By J. B. Owens
"By My Absolute Royal Authority": Justice and the Castilian Commonwealth initially of the 1st worldwide Age is a examine of judicial management. From the 15th century to the 17th, the dominion of Castile skilled a extraordinary proliferation of judicial associations, which historians have usually visible as a part of a metanarrative of "state-building." but, Castile's frontiers have been tremendous porous, and a crown executive which can now not regulate the kingdom's borders exhibited neither the power to procure info and form affairs, nor the centrality of court docket politics that many historians declare that allows you to craft a tidy narrative of this era. Castilians retained their loyalty to the monarchy no longer as a result of the "power" of the associations of a constructing "state," yet simply because they shared an identification as voters of a commonwealth within which a excessive worth was once given to justice as an final goal of the political neighborhood and a conviction that the sovereign possessed "absolute royal authority" to determine that justice used to be performed. This expectation served as a origin for the political identification and loyalty that held jointly for numerous centuries the disparate and globally-dispersed domain names of the Hispanic Monarchy, yet perceptions of the way good crown judicial associations labored have been a basic determinant of the measure of aid a monarch may well allure to fulfill financial and army objectives. This booklet maps a part of this strange terrain via a microhistory of a longer, excessive profile lawsuit that was once conscientiously watched by way of generations of Castilian leaders. Justices from the past due 15th century to the reign of Philip II had hassle resolving the clash as the right workout of "absolute royal authority" was once itself the primary criminal factor and the dispute pitted opposed to one another participants of vital teams who confirmed a bent to offer prominence to varied interpretive schemes as they attempted to understand their international. The account brings jointly political principles and political motion by means of giving severe awareness to how good royal justices have been capable of deal with tough, trendy proceedings that raised politically troubling questions and concerned significant litigants. J. B. Owens is professor of the background and director of the Glenn E. Tyler assortment at Idaho country collage, the place he focuses on Spanish historical past and using Geographic info platforms for learn and instructing.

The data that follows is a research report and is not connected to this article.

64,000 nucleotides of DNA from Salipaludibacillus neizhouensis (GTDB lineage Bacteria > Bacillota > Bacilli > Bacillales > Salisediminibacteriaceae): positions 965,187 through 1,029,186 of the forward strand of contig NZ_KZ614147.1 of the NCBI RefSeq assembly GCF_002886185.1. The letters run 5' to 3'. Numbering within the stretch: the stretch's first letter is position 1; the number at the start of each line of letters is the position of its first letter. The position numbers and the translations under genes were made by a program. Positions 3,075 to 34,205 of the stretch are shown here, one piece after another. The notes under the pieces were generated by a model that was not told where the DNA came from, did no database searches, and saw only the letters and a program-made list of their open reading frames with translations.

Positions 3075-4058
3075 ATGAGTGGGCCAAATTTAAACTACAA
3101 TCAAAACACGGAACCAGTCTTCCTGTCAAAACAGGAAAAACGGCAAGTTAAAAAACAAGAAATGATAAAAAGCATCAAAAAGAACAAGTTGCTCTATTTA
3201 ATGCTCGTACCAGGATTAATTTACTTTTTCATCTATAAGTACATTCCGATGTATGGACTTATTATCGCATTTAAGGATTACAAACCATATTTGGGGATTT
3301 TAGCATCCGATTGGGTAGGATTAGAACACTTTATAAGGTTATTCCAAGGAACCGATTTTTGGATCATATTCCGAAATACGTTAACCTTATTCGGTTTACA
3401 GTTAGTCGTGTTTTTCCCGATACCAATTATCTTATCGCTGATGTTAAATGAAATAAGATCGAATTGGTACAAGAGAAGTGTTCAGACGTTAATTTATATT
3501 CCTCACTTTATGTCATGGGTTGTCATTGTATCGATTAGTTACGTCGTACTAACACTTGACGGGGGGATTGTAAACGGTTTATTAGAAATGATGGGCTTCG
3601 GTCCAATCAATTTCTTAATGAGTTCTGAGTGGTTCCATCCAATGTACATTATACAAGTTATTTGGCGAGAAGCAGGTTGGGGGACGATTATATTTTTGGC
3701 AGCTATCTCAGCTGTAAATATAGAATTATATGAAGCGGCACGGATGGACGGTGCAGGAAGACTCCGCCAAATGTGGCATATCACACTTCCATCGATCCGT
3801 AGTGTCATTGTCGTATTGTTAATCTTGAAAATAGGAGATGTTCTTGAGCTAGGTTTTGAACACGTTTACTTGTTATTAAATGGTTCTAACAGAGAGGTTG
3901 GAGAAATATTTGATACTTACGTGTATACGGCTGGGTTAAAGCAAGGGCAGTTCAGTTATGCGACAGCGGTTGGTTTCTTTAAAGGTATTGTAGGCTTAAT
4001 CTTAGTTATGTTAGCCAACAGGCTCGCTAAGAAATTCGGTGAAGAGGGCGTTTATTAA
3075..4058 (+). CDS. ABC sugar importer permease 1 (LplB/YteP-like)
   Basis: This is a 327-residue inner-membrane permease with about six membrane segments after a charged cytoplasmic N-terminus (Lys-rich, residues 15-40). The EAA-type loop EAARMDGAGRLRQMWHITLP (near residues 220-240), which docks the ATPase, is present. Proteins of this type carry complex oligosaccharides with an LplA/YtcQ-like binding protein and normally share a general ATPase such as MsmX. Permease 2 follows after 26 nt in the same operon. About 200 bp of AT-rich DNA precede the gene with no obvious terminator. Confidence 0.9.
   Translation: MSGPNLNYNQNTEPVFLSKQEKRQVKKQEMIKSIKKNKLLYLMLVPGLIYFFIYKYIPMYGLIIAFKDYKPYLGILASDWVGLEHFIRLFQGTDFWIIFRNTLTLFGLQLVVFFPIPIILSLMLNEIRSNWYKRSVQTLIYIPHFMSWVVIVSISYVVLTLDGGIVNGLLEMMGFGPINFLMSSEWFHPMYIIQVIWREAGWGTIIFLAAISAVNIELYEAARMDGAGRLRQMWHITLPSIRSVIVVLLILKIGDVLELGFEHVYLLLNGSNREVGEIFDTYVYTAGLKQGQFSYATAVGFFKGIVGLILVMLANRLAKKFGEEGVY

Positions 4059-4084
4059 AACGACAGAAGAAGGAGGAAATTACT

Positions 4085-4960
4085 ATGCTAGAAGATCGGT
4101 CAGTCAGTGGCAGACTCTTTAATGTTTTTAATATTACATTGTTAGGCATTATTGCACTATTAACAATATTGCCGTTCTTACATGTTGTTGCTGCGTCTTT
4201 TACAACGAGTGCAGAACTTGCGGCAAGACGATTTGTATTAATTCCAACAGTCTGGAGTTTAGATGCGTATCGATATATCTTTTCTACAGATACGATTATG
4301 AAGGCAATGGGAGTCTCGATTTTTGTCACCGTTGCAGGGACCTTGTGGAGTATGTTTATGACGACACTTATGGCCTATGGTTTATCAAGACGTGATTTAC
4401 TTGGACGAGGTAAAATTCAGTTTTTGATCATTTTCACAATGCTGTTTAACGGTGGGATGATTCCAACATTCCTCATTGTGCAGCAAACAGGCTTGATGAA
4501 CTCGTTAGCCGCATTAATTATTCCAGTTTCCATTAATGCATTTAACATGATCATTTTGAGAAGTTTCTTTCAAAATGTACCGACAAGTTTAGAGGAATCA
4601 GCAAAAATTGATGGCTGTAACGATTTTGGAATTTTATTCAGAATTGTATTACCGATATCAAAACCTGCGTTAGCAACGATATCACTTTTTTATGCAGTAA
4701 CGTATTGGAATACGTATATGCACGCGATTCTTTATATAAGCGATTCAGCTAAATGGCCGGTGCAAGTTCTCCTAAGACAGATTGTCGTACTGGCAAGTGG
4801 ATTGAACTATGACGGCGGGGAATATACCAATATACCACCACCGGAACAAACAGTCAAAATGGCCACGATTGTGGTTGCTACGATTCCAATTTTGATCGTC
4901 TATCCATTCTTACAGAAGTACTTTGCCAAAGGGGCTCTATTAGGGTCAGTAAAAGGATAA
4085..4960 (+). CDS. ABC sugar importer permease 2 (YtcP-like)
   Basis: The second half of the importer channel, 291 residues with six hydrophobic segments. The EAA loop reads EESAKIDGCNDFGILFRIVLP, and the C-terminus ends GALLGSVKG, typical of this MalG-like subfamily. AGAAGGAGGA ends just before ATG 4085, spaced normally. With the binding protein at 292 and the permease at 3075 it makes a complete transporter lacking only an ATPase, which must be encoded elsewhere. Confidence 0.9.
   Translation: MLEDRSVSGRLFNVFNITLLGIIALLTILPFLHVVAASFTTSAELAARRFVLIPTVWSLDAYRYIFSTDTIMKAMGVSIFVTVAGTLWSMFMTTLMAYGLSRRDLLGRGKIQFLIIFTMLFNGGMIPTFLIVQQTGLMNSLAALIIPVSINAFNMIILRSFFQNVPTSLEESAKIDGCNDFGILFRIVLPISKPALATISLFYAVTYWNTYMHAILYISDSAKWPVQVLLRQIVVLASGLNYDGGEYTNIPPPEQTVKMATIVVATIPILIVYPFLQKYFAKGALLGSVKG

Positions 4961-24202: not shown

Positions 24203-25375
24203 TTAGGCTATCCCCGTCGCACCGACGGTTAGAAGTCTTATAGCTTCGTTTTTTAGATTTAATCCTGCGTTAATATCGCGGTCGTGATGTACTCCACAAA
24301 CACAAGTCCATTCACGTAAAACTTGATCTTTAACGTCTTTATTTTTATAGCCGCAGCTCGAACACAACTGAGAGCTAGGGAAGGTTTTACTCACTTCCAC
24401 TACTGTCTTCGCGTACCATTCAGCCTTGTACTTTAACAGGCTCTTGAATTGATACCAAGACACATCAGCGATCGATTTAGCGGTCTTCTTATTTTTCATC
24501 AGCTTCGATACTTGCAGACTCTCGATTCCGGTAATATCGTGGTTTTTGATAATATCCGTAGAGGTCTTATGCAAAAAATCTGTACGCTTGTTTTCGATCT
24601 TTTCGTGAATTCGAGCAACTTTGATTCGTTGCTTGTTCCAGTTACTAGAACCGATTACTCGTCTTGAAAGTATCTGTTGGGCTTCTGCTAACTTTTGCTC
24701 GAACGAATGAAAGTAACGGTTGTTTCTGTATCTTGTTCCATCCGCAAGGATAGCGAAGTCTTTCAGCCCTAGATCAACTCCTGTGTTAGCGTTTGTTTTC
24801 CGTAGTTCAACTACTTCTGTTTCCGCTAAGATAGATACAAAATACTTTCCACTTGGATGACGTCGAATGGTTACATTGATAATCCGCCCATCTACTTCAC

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Extra resources for "By My Absolute Royal Authority": Justice and the Castilian Commonwealth at the Beginning of the First Global Age
By this time, the infantes’ own insecurity was heightened to the point where they more vigorously pursued the economic and political roles they hoped would make their position unassailable. However, this assertiveness only served to build grandee support for Luna’s return the following year, and the infantes’ campaign for hegemony collapsed by 1432. There was no way that Alvaro de Luna, who had received the prestigious title of royal condestable (“constable”; honorary aristocratic Court official), could gain a permanent advantage because his aggressive efforts to build the wealth and political position of his House had raised the territorial aristocracy’s suspicions about his intentions.
25 In the midst of growing insecurity after the king’s marriage, Gutierre de Sotomayor appeared unsure of the constancy of John II’s favor. After he learned in March 1448 from Córdoba’s representatives that Diego de Orellana, Gutierre’s nephew and seignioral alcalde mayor for Gahete and Hinojosa, had taken Fuenteovejuna and some pasture land from the city of Córdoba, claiming that they belonged to Gahete and Hinojosa, the king wrote to Córdoba’s council from Valladolid. John said he was shocked by the actions of the master of Alcántara because he had made him no grant of the municipality, and he gave the city permission to resist the aggression and maintain its possession of the area involved.
14 The book takes as the extended trouble case at its narrative center a dispute, prolonged for well over a century, between a major municipal corporation, that of the city of Toledo, and an important aristocratic family, ultimately represented by the House of Béjar. Contemporaries often called it the Belalcázar lawsuit because it initially involved one of the House of Béjar’s aggregated titles, that of count of Belalcázar. 15 The quarrel centered on control of the so-called viscounty of Puebla de Alcocer, a relatively large territory in northeastern Extremadura, south of the Guadiana River at the western edge of the Montes de Toledo (see maps 1 and 2).